Update on 15-Passenger Vans

On April 15th, the National Highway Traffic Safety Administration (NHTSA)
reissued a cautionary warning to users of fifteen-passenger vans. The
agency notified consumers of an increased rollover risk under certain
conditions. A similar warning was issued in May of 2001, when the NHTSA
warned motorists that 15-passenger vans with ten or more occupants are
three times as likely to roll over in crashes than 15-passenger vans that
are lightly loaded.

Despite the agency’s efforts last year to warn the public about the vehicles’
handling characteristics, accidents involving 15-passenger vans have continued.
Most recently in April 2002, a 15-passenger van carrying day-care clients
drifted off a Memphis interstate into a highway overpass, killing four
young passengers. While alleged drug usage by the driver appears to be
an issue in this accident, public and media focus on the use of these
large vans is intense.

Federal Regulations

While the National Traffic and Motor Vehicle Safety Act prohibits the
sale or lease of any new vehicle with a capacity of more than 10 to a
school or school district, many schools still utilize 15-passenger vans
by purchasing them used. There has been no federal action to ban the use
of these vans by camps, youth programs, or religious organizations.

However, some states have taken action against the use of 15-passenger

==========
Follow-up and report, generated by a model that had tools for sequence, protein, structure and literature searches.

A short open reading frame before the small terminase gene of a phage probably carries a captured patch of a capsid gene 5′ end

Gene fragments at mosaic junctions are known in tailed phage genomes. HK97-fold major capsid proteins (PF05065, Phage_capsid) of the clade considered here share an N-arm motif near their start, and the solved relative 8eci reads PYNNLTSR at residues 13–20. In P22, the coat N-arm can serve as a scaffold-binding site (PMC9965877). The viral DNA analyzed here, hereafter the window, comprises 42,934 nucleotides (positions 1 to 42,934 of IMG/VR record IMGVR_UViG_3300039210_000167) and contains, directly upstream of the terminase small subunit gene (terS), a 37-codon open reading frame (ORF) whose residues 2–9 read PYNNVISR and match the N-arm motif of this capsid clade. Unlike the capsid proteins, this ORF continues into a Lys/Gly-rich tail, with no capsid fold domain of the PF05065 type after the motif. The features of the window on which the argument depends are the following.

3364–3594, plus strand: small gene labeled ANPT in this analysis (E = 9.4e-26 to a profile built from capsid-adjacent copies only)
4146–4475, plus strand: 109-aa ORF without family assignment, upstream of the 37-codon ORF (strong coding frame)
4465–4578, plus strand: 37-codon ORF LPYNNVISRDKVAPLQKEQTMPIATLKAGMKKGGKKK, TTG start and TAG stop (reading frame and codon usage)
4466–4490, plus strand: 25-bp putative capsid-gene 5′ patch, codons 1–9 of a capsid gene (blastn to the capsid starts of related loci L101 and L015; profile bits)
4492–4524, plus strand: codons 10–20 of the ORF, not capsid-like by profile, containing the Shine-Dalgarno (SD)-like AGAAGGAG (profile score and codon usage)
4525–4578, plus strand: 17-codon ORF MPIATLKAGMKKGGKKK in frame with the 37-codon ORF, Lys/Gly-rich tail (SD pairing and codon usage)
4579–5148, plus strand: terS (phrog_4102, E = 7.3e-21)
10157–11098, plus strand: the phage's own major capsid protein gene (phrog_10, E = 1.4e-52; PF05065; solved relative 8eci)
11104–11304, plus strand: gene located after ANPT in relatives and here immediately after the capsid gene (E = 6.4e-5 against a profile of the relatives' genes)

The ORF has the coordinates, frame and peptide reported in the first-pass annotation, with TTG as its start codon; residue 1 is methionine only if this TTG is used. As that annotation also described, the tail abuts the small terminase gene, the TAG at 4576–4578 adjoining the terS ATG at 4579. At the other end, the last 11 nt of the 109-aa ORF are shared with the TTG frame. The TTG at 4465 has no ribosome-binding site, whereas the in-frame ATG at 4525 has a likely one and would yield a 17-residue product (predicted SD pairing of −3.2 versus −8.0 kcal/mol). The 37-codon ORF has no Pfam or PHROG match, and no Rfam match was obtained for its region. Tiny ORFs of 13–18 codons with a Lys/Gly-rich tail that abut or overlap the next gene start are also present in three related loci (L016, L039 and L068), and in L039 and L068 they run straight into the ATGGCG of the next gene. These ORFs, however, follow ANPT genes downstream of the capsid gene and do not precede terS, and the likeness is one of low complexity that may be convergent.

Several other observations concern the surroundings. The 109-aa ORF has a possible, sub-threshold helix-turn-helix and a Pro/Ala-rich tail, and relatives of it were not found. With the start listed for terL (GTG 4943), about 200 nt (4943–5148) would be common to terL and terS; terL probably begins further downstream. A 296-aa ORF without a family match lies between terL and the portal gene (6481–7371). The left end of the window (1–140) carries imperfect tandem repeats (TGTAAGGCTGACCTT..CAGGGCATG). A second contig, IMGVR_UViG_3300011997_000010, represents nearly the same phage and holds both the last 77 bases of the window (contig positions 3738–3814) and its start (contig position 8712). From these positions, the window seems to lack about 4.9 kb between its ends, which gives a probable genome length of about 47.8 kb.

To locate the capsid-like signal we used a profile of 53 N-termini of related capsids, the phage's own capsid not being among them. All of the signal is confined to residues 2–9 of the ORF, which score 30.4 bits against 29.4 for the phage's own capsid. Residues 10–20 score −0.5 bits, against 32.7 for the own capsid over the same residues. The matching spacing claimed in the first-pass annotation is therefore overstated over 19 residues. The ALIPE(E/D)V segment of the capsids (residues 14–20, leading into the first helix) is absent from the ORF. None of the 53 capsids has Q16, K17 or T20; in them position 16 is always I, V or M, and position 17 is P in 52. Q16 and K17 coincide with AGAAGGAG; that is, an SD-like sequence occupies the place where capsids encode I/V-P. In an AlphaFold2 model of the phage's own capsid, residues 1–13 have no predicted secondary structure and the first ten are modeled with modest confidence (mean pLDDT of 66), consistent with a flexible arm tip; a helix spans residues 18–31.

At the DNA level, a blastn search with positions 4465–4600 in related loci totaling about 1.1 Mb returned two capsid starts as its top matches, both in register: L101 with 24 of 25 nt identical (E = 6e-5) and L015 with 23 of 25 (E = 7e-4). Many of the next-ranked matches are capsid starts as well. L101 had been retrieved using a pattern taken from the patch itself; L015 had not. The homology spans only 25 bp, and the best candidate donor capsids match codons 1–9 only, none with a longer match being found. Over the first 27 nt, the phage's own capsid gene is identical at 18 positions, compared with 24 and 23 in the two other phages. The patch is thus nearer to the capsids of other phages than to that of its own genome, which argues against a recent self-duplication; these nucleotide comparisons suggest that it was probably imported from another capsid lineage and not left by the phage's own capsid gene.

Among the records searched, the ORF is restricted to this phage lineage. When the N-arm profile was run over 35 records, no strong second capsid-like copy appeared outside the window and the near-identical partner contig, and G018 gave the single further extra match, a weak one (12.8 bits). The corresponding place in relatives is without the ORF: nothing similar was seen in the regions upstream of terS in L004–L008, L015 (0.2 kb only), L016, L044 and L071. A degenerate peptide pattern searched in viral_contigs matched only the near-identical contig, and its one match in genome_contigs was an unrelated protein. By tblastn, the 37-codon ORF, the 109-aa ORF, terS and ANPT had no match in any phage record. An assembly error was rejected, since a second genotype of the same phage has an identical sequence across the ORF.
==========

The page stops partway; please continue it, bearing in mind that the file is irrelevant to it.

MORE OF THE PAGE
vans for commercial or interstate transportation of children. Camps should
check with the Department of Transportation in their state, or in states
through which they must travel, to ascertain current regulations.

Safety Conditions

Automobile experts claim vans have suspensions that raise them high above
the road, and as a result, they have a very high center of gravity. In
addition, many 15-passenger vans are on the same wheelbase as 12-passenger
vans. This combination creates a vehicle that does not handle as well
as a car and can be unsafe in certain conditions, particularly with an
inexperienced driver. Because of these characteristics, in-vehicle training,
which includes driving the vehicle both loaded and unloaded, is essential
for drivers of these vehicles.

The National Highway Traffic Safety Administration (NHTSA), which is
investigating the Memphis accident, has urged states to stop schools from